The third word is “glory”. Again glory is something that means less today than once it did. Newspaper headlines ascribe glory to football teams, dancers on TV, and Oscar winners. Once it attended empires, now a pub cricket team has it for winning a 20-over knockabout. How glory has been devalued. Yet it was once an attribute of magnificence, demanding awe and worship. Fanfares and parades, processions with elephants strung with jewels and gold, soldiers and slaves, dancing girls and jugglers, drums and trumpets; Hollywood had it down to a ‘T’.

Yet Jesus had it differently: “I have brought you glory on earth by completing the work you gave me to do. And now, Father, glorify me in your presence with the glory I had with you before the world began.” (vv 4-5).

What was the work that Jesus had come to do? Why, to redeem sinners. But this task had not been completed when the prayer was prayed. Nevertheless, Jesus was resolute that it would be so. He had set his face towards the cross and would not be diverted even when passionately considering all the options in Gethsemane. The task given was to bring all those who were given to him to eternal life (v2); this would be done and this was the key to glory. We talk about the glory of the cross, but if the cross was all their was, it would not be glory. The Resurrection is the affirmation that the cross was effective and Pentecost is the demonstration of its effectiveness.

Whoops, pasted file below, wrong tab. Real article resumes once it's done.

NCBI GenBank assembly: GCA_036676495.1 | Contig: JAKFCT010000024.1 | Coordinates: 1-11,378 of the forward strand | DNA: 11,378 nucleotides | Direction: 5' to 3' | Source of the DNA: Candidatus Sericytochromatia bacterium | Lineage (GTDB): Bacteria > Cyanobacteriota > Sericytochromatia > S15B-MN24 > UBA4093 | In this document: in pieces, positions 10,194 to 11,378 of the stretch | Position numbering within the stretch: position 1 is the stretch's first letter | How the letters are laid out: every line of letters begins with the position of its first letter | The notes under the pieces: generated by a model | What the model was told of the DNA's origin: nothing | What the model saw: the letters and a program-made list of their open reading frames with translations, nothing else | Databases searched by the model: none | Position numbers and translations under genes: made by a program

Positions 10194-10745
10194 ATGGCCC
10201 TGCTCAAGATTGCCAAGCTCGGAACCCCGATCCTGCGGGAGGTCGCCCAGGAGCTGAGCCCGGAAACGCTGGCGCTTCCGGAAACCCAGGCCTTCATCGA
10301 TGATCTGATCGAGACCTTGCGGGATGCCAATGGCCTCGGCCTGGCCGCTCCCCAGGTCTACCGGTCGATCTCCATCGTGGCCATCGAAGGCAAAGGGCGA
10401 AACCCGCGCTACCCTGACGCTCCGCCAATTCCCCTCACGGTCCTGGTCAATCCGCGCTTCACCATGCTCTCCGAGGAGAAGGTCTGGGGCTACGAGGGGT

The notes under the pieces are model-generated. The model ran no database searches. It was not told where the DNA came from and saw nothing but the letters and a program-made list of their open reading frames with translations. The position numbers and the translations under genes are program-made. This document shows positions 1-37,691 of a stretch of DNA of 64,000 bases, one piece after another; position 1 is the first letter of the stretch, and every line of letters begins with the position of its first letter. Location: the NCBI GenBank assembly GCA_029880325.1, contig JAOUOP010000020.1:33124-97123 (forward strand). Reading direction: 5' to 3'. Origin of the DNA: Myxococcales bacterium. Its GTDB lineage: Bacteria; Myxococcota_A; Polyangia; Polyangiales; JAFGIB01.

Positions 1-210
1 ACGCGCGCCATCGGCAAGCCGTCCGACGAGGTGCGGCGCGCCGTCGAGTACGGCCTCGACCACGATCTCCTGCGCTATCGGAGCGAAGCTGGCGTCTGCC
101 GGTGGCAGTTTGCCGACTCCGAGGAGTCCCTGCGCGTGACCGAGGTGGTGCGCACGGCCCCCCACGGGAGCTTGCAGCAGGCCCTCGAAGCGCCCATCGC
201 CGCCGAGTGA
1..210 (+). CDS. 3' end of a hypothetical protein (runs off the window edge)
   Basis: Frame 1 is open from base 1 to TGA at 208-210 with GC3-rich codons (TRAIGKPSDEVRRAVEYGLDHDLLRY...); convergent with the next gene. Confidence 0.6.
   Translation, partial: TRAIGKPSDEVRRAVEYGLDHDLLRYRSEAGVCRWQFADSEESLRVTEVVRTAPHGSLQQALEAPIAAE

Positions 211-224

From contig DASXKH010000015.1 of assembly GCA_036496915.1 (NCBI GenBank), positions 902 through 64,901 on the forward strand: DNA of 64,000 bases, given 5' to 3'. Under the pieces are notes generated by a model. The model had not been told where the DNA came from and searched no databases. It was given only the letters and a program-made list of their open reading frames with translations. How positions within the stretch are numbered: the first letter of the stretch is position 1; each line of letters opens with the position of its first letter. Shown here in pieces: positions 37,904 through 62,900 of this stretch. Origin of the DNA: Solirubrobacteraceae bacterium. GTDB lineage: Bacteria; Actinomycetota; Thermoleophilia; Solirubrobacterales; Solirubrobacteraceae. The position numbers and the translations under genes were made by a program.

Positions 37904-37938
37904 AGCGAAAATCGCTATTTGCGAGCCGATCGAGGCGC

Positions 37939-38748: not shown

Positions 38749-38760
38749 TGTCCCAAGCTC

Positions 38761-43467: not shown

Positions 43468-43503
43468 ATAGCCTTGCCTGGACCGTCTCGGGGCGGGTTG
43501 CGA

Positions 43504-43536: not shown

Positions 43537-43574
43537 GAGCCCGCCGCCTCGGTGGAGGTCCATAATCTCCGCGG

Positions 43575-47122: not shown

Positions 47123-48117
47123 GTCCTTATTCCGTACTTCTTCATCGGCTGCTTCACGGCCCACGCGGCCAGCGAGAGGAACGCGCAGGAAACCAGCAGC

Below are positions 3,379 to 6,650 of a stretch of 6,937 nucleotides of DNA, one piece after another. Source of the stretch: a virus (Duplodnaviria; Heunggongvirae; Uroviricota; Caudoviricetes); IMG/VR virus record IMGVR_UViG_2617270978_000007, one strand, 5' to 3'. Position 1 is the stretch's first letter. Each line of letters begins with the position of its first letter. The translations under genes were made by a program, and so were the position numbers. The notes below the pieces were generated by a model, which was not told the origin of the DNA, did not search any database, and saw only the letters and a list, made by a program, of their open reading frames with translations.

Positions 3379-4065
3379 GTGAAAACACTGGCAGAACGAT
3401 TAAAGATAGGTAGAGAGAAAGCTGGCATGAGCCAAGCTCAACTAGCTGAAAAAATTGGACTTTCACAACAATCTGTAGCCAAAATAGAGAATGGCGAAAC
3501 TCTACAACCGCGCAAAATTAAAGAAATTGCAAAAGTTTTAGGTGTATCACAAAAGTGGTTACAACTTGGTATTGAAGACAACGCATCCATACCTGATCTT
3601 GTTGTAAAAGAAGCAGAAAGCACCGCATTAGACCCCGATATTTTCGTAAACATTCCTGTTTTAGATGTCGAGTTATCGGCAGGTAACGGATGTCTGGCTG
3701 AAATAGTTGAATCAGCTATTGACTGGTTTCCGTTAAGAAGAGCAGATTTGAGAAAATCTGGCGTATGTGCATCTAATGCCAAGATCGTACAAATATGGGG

Glorious though the cross was, I sometimes think we get stuck there. Surely we should preach Jesus Christ and him crucified, but that is the key to an eternal life of knowing God, not an end in itself. We should never forget the debt we owe, but we should not forget to ‘pick up our winnings’. Some Christians seem to want to leave them on the table and play the game over and over again. Our sins have been wiped away. Not only forgiven but forgotten. If we brought them up at the Judgement Seat they would be answered with, “When was that then, we have no record of that here?” Of course we have to keep short records with God and be ready to confess the sins of the day in the sure knowledge that “If we confess our sins, He is faithful and just to forgive us our sins and to cleanse us from all unrighteousness.”

The chief end of Man is to love God and enjoy Him forever. It’s the ‘enjoy him forever’ that we are missing out on. Miserable Christians everywhere, start smiling. Laugh! Enjoy yourself!

CS Lewis was a student of medieval and renaissance literature. Their model of the Universe was one guided by the planets, with seven spheres of influence. A recent book by Michael Ward “Planet Narnia” describes how each of the Narnia books is concerned with the atmosphere engendered by each of the seven planets (not our planets, but theirs – the sun, the moon, Mercury, Venus, Mars, Jupiter and Saturn.) The first in the series “The lion, the witch and the wardrobe” is assigned to Jupiter (or Jove) and Aslan is a Jovial character, kingly yet full of joy and mirth.